No criminal wrongdoing found in investigation of Savannah alderman involved with gun buyback program

SAVANNAH, GA (WTOC) - The results of a GBI investigation into a Savannah gun buyback program involving a Savannah alderman have been released.

Last August, Chatham County Manager Lee Smith said there were some concerns brought to him regarding the security of the firearms collected by Savannah Youth City and Alderman Van Johnson.

The county manager went to District Attorney Meg Heap when the issues first came up, and her office asked the GBI to look into the concerns, ultimately finding that Alderman Johnson had done nothing wrong with either collecting or storing the weapons.

In a memo sent this week to the GBI's special agent in charge of the Statesboro office and Alderman Van Johnson, the District Attorney said: "Upon review of the GBI investigative report in this matter, I concur with the GBI's assessment that there is no evidence of criminal wrongdoing by Mr. Johnson."

"They found no evidence of wrongdoing on my part, which I knew all of the time, and certainly that just, you know, it relieves me. But in the end, the fact of the matter is we still have too many illegal guns in our community. We still have too many guns being carried by young people who should not have them," Alderman Van Johnson said in an interview Tuesday.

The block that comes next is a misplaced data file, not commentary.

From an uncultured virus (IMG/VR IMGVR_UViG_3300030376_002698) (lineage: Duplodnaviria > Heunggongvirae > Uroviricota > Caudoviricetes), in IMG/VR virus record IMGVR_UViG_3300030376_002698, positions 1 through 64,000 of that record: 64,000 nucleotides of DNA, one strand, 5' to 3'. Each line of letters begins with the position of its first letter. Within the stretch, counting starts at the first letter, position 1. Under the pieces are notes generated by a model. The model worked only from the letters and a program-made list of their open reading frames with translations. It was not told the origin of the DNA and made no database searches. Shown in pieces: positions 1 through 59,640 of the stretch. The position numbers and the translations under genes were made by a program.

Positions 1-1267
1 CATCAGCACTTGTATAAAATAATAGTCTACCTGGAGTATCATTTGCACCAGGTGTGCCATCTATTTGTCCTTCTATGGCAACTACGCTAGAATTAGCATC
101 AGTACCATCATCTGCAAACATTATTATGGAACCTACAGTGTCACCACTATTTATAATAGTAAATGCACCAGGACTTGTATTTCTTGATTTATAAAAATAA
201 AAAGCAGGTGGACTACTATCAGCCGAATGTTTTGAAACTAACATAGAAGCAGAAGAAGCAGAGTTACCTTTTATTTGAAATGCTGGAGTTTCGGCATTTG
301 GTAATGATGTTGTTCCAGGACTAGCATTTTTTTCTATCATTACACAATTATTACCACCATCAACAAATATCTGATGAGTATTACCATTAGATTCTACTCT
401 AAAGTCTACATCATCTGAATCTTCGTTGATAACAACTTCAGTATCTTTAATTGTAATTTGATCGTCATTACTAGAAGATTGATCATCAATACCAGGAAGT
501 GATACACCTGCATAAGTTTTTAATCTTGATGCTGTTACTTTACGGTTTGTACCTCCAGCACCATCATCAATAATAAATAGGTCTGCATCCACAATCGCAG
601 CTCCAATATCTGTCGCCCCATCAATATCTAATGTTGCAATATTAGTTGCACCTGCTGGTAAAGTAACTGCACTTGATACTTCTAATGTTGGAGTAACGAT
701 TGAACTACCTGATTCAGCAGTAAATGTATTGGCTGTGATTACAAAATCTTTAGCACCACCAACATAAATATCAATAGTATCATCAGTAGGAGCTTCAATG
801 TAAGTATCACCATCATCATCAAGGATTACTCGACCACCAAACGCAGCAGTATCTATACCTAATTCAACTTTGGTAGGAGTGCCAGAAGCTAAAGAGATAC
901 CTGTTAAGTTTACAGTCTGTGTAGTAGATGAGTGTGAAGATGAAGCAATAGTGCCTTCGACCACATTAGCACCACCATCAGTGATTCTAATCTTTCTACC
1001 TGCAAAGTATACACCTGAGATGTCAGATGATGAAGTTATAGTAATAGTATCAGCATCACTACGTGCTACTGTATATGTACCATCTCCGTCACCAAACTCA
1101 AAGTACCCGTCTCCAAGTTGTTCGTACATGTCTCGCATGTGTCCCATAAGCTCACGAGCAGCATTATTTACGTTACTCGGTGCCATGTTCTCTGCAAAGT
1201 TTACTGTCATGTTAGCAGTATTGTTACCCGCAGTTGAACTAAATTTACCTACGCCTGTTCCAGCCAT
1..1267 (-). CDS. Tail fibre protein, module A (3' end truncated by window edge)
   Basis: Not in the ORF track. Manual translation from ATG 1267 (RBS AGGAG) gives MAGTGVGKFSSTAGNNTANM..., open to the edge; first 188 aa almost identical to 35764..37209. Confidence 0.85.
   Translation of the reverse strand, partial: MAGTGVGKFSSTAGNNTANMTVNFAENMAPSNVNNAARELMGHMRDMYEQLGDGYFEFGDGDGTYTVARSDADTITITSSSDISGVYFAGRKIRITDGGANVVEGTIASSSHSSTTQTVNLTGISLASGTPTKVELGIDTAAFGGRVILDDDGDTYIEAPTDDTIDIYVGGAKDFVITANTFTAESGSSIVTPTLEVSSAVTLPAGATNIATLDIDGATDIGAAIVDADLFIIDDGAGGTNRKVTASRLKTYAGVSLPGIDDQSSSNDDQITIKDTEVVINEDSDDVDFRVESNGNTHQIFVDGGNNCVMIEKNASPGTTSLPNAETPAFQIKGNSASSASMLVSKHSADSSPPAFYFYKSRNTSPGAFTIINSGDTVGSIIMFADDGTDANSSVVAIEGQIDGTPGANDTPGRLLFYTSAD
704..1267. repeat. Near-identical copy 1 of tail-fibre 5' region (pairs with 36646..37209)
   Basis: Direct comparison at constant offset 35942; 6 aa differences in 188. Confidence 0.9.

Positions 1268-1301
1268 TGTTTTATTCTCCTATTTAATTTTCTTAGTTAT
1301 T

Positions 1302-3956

Alderman Johnson announced his partnership with local non-profit Savannah Youth City, Inc in 2016, and up until last summer the effort had collected around 30 guns in exchange for cash. Once the request for the investigation was announced, the effort halted.

"We see a need to still have a gun buyback, to still let young people know that we care as a community. That we want them to live, we don't want them shooting each other or other people," said Beverlee Trotter, CEO/Director of Savannah Youth City, Inc.

Trotter said she would absolutely be on board with starting the initiative back up if Alderman Johnson asked.

In an interview Tuesday, the alderman gave no impression that he plans to let at least the spirit of the program die.

"If you're a young person in this community, you have a gun that you're not supposed to have, that you're not supposed to carry, give it up. Give me a call and I will still come get that gun. We're losing too many lives," Johnson said.

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